Well, stick around because, in this article, I share 11 questions you must ask before you commit. So you can sign the contract with the confidence you’ve nailed it.
First and foremost, you need a builder that promptly delivers you a premium product.
This sounds simple, but I can assure you it isn’t. You will need to do some heavy lifting to ensure that you get this right. You need to be development ready.
You’ll also need to partner with someone you will get along with. Because you will be in business with them for the next circa 12 months.
These 11 questions will get you heading in the right direction. You should never assume anything, which is why these questions are so important.
I should point out they aren’t in any specific order.
11 Questions to Ask Your Home Builder
1. Have you done any project builds similar to mine?
If so, ask for an address so you can check it out. This will prove that your builder can deliver your project.
2. How many projects do you have on the go now? And do you have the resources to take on my project?
It’s essential that the builder can properly resource your project. This will avoid time delays.
3. How do you envisage my development being resourced? Will it have its own project manager? Will it have an on-site manager; how do you envisage the supervision being handled?
You must have clarity about how your project will be resourced. As you don’t want to find out later when it is too late.
4. How much do we put for liquidated damages in the contract?
The builder must be motivated to get the job done in a timely manner. They must be motivated. And the best way to do that is by landing on a number that suits both parties.
Looking at potentially lost rental income can be a great place to start.
5. You must ask your builder what the payment schedule will be in the building contract. And which method they propose to use.
It is vital that whatever schedule or method the builder proposes, it’s going to work for both parties. Keeping your builder paid timely will keep the build moving timely.
You don’t want to run into a situation where the build is slowed down. Because the payment schedule doesn’t allow the job to flow.
6. How long will my project take how many days will we agree to in the contract, and what happens if it takes longer than you’re proposing?
You need to understand how long your build will take and the measures the builder will put in place to mitigate the risk of time overruns.
This will bring the liquidated damages into the conversation – you need to have these hard conversations with your builder early on so they are in concrete.
It will be critical that if/when these issues do arise on-site, everyone is on the same page.
7. It’s essential to ask your builder when they can start your job. They may be excited to win your great work, but they must have the capabilities and resources to start in a timely manner.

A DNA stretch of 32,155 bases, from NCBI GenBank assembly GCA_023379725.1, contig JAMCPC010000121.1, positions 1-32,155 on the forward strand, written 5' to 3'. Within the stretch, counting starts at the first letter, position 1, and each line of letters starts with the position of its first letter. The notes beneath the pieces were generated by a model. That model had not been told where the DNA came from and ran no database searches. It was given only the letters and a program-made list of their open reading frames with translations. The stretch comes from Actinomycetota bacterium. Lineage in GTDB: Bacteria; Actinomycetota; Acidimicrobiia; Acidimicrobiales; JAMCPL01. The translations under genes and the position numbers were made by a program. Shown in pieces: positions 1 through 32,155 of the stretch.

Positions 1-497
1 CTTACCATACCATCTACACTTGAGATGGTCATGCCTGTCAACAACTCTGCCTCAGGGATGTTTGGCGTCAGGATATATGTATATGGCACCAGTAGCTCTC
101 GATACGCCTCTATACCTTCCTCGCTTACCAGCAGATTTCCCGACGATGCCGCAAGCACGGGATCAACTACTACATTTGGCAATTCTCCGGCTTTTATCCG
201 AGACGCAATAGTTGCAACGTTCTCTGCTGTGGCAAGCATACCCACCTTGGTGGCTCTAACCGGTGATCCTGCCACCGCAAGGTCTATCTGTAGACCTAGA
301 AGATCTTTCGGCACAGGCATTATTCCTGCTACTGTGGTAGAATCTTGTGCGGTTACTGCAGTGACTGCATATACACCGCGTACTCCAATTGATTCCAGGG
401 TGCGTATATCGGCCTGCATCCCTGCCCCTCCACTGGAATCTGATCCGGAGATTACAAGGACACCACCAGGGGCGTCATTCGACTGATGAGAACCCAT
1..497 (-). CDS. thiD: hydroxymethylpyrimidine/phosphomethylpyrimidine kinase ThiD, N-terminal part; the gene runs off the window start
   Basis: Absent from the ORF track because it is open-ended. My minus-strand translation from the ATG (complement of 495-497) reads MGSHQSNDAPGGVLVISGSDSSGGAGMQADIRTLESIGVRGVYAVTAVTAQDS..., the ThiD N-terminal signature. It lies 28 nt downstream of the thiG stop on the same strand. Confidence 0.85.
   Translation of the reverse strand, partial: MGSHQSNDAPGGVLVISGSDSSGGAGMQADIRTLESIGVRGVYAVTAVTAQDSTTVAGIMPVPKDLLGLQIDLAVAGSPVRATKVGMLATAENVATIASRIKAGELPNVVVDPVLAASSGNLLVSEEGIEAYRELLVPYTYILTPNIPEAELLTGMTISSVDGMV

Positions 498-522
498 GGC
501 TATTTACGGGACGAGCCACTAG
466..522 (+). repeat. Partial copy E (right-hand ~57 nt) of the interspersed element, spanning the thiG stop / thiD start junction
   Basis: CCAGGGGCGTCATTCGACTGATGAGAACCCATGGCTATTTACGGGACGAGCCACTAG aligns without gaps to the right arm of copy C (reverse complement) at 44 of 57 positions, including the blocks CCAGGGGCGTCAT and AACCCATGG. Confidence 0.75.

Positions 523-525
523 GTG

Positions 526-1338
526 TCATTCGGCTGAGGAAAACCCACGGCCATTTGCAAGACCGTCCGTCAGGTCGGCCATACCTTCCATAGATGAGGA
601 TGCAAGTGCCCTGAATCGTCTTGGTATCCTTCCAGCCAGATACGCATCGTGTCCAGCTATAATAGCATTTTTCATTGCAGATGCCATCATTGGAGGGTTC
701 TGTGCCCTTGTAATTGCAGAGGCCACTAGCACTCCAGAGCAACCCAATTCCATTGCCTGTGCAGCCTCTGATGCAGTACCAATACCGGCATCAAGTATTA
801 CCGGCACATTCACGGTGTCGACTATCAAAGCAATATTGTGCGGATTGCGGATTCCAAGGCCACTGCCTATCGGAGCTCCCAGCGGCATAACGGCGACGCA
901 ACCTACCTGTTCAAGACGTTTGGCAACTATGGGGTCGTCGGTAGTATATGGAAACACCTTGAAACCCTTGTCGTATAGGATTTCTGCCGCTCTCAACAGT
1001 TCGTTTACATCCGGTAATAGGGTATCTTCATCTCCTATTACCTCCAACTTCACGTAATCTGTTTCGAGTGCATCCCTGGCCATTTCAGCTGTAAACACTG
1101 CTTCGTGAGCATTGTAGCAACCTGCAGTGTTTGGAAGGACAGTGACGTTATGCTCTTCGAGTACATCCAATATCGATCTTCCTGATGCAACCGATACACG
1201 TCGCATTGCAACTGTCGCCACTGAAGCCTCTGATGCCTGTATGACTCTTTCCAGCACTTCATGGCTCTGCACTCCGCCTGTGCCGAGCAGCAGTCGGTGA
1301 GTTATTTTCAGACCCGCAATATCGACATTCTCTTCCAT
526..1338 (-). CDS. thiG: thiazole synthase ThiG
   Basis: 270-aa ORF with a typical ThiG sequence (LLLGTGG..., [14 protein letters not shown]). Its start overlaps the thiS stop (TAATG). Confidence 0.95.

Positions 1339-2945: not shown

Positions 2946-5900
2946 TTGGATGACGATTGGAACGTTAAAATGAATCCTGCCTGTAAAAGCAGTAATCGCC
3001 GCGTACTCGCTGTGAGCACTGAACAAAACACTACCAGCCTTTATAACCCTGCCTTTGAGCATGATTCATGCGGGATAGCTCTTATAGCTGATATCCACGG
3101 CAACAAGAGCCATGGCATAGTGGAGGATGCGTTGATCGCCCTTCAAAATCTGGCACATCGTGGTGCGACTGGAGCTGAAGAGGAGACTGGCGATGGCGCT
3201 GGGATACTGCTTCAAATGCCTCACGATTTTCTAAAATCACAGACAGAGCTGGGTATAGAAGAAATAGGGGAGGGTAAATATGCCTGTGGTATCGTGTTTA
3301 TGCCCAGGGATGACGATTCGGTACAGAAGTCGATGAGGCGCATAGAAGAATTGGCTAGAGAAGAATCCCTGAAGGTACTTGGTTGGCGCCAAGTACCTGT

I can tell you from experience this is part of the house-building process that can drag out if you get caught out.
You need a solid commitment from your builder on how quickly they can start turning dirt on-site after you sign the contract.
8. Ask your builder to provide an accountant’s solvency letter from their registered accountant. Confirming that their building company is solvent and up to date with all their payment obligations.
9. Ask your builder to provide a past client that they’ve worked for. Someone you can talk to and ask about their experience.
They will comply if the builder has nothing to hide and wants your work. If they aren’t prepared to put anyone forward, it’s a red flag.
A quick chat with a previous client can go a long way to put your mind at ease.
10. It is always a good idea to ask your builder about their process for site visits during the build.
These builds will go on for 12 months. So you must understand the process for you to inspect your development’s progress.
Some builders are very flexible and liberal with this process. But some like to keep their site locked, and you’ll have to book a time to see the site with them.
You must understand what arrangement you will be getting into and that you are comfortable with it.
11. Finally, another good conversation to have with your builder before signing the contract is about variations.
Ask them if they envisage many variations based on the documentation you’ve provided up until that point.
You also need to understand the variation process. When they arise, how will the builder manage them? What will the communication be like? And what sort of due diligence will be conducted around these variations?
The best way to combat variations is by being super thorough in the documentation stage.
The key overall, before formally locking in your builder, is to ensure that whatever questions you have, it is vital that you ask them before you sign on the dotted line.
And remember, never assume anything. Ever. Always ask and get clarification.
Get all the questions in your head answered. That way, you can confidently move forward and expect a seamless journey with your building partner.